Back to top

Ultimatum on transit delivered to Province by mayor

By Timothy Schafer, The Nelson Daily

The hammer is cocked and the gun barrel is leveled at BC Transit as the mayor of Nelson is smoking mad over rising transit costs the City has had to absorb, and he isn’t prepared to suffer them anymore.

Mayor John Dooley has given the provincial transportation company until the end of May to come up with a plan to tackle the $120,000 deficit the service has been saddled with.

He fingered BC Transit as the culprit in the service increase and felt they should find a way to streamline the system, through a reduction in routes and periods of service.

The minimum solution he was willing to accept is the $120,000 deficit hitting the City will be eliminated.

“I’m telling you right now I’m not going to accept anything that is not going to show significant change in the system and a significant reduction in the subsidies we are putting towards it,” he said.

“We will take this into our own hands and let the chips fall where they may.”

City manager Kevin Cormack confirmed a BC Transit planner will be coming in April to conduct a review of the service and make recommendations. The final report, in conjunction with City staff, will be released in May.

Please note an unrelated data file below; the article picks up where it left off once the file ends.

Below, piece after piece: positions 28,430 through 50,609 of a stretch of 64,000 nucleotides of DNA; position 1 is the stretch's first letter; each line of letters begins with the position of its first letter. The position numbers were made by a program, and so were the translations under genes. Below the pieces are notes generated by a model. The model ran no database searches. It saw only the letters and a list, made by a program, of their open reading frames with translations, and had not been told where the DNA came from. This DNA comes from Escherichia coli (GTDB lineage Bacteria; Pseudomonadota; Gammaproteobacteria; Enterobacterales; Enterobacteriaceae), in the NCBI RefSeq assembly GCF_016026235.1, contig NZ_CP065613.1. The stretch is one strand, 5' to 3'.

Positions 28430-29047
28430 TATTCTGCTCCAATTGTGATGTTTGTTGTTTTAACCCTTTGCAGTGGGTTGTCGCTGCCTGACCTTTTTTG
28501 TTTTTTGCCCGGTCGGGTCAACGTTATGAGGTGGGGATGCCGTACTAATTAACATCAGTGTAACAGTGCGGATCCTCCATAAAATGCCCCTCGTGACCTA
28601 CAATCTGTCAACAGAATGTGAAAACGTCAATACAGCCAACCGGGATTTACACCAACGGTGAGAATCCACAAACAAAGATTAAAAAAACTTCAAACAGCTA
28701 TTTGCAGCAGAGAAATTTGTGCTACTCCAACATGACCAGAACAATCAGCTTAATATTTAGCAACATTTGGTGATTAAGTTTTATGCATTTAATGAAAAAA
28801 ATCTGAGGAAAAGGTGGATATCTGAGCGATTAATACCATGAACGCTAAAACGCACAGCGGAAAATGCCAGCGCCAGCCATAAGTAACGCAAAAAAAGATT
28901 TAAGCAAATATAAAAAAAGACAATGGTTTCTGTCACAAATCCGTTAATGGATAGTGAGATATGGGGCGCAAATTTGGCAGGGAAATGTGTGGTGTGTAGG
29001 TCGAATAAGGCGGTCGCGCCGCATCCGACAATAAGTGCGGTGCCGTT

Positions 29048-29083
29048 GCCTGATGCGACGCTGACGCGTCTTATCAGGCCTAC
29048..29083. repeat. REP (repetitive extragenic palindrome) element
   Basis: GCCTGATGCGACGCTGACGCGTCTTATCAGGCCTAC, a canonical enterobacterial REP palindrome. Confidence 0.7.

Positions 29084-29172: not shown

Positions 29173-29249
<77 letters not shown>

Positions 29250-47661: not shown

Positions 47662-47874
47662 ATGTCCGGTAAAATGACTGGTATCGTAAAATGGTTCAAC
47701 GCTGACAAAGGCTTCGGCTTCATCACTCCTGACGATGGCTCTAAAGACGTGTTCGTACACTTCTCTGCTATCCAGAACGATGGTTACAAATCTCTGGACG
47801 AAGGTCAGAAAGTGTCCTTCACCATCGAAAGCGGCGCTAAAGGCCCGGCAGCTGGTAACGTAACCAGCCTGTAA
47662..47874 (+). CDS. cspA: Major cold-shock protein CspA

The City had $120,000 in operating losses with their transit last year. People weren’t riding the buses in non-peak times, and the new buses the City received in 2010 cost more to service than was anticipated. Transit costs were up 47 per cent, said Cormack.

Debt servicing of the new buses, low ridership in some periods and increased fuel consumption meant there were “a lot of additional costs there that we did not count on when we accepted delivery of those new buses,” Mayor Dooley said.

Eight other mayors from around the province put in a deficit position by BC Transit have contacted Mayor Dooley, agreeing to stand with him and demand action on the issue.

The bottom line is raising fares will not cover the shortfall, said Mayor Dooley. Sunday routes and evenings are not working and need to be cut, he added, and there is a huge drop off in the summer when the majority of the users — high school students — aren’t using the bus.

There has to be a common sense approach to how the service is delivered, he said.

“We know from our own statistics, that every night from 6-11 p.m., we only move on average six people,” Mayor Dooley said. “That’s not logical. It’s not common sense. It’s not meeting our targets of sustainability. It’s definitely not reducing greenhouse gas emissions and clearly people are not going out, and if they are, they are not using transit.”

The $120,000 the City lost this year is not going away. It’s going to be higher next year unless something is done now, he said. The money had to be found elsewhere in the budget to pay for it this year, said Mayor Dooley.

“We would not allow those inefficiencies to happen anywhere else in our operation, why would we allow it to happen in transit?